side of the observed arc is likely the useful limit for a Visl-based ephemeris for a main-belt object. For distant TNOs, a Visl-based ephemeris is likely good several months from the observed arc. With general orbit solutions, extrapolating a seven-day arc into the next opposition is unlikely to produce a useful result. On the other hand, observers have successfully made direct recoveries at the next opposition of objects with observed arcs around 30 days. By the time a oneopposition arc is extended to 60 days or more, direct recovery at the next opposition is often rather easy (although the apparition will probably not be as favourable).

16: Comparison with Other Sources


There may be differences between the predictions provided by the MPES and those provided by other on-line services. In general these differences will be small and (assuming that the orbits are based on identical observations) will typically be noticeable only for NEAs close to the earth. These differences are due to a number of factors, the principal reasons being that the initial orbits are often slightly different due to different selection and/or weighting of observations or that the integrations proceed slightly differently using different planetary ephemerides (the MPC is currently using DE-403). In addition, comparison of future UT ephemerides is complicated by the use of different T values (since these cannot be determined in advance).

17: Compatibility with old MPES


We have attempted to preserve the cgi interface from the old MPES in the new MPES. We think we have succeeded: all the old form tags still work and the new MPES has appropriate defaults for any missing new form tags. However, it is the recommendation of the MPC that observers who have generated follow-up pages in the past now regenerate those pages to allow access to the extended and new features of the MPES.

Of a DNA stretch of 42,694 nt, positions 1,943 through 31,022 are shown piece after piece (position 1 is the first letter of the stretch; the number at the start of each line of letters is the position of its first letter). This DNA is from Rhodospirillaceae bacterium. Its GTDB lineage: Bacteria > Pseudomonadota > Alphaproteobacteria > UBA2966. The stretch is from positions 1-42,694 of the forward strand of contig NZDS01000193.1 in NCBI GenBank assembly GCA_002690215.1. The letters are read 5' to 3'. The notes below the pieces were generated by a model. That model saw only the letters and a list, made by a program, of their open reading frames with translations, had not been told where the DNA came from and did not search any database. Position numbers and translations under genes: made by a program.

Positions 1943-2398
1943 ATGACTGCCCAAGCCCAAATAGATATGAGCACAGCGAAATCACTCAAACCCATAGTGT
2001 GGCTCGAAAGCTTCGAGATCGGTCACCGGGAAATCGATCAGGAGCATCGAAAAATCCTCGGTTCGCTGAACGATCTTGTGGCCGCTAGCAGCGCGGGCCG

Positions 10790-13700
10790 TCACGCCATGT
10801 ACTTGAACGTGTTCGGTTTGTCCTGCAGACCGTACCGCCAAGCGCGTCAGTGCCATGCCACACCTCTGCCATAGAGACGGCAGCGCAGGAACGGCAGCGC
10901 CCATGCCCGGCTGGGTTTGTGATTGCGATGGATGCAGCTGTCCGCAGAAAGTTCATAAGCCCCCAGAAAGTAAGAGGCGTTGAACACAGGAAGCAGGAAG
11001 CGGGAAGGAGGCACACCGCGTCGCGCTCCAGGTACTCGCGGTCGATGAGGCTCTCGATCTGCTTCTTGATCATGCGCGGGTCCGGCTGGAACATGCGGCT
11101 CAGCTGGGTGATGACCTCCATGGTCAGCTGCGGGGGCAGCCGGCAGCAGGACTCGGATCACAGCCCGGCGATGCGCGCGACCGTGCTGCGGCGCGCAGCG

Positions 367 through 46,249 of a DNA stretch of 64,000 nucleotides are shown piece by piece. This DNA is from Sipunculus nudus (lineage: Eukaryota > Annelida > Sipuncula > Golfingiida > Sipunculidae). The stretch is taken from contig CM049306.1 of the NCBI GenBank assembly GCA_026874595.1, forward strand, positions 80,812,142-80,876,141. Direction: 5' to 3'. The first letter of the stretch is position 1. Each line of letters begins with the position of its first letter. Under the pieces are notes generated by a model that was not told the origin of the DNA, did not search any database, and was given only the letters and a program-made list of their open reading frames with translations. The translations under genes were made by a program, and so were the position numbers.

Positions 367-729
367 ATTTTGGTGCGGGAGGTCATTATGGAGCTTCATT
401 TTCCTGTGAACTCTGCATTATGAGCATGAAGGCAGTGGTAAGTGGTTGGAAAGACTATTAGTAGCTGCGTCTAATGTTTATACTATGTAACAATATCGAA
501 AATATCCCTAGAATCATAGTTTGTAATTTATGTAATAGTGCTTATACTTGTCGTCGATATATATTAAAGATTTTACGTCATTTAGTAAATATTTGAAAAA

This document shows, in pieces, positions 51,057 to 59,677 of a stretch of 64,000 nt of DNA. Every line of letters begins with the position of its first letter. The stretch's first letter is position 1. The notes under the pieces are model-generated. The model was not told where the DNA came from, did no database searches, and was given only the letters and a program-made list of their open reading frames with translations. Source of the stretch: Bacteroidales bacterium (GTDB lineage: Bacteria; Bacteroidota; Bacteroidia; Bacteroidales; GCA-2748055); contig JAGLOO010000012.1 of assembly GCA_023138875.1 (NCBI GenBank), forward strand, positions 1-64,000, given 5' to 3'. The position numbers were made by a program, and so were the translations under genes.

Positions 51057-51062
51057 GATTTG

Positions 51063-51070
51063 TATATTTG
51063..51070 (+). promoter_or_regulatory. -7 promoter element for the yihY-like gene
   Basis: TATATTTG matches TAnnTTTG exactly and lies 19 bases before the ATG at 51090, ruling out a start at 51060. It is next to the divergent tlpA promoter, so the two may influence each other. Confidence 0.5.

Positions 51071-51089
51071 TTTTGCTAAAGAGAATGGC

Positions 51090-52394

18: Comet Magnitudes


The MPES is using the currently accepted system of comet ephemeris magnitudes. There is an IAU Working Group looking into revamping the cometary magnitude system. Fundamental changes in the way comet ephemeris magnitudes are presented are to be expected. If and when the WG report is accepted, the MPES will be modified to present the new system of cometary magnitudes.

19: Script Access to the MPES


Limited available staff make it impractical for the MPC to actively support userwritten remote script access to the MPES. However, examination of this document and the HTML source code for the MPES should allow any web/cgi programmer to write scripts or programs that access the MPES directly. Any questions (directed to gwilliams@cfa.harvard.edu) will be answered as time permits. Writers of automated scripts are requested that they ensure that their scripts are working properly and do not put undue strain on our web server. We have the

Guide to the MPES


ability to deny access to the MPES by IP address or domain, and we will not hesitate to block wayward automated scripts. Getting the IP address or domain unblocked will require convincing us that the problem will not reoccur!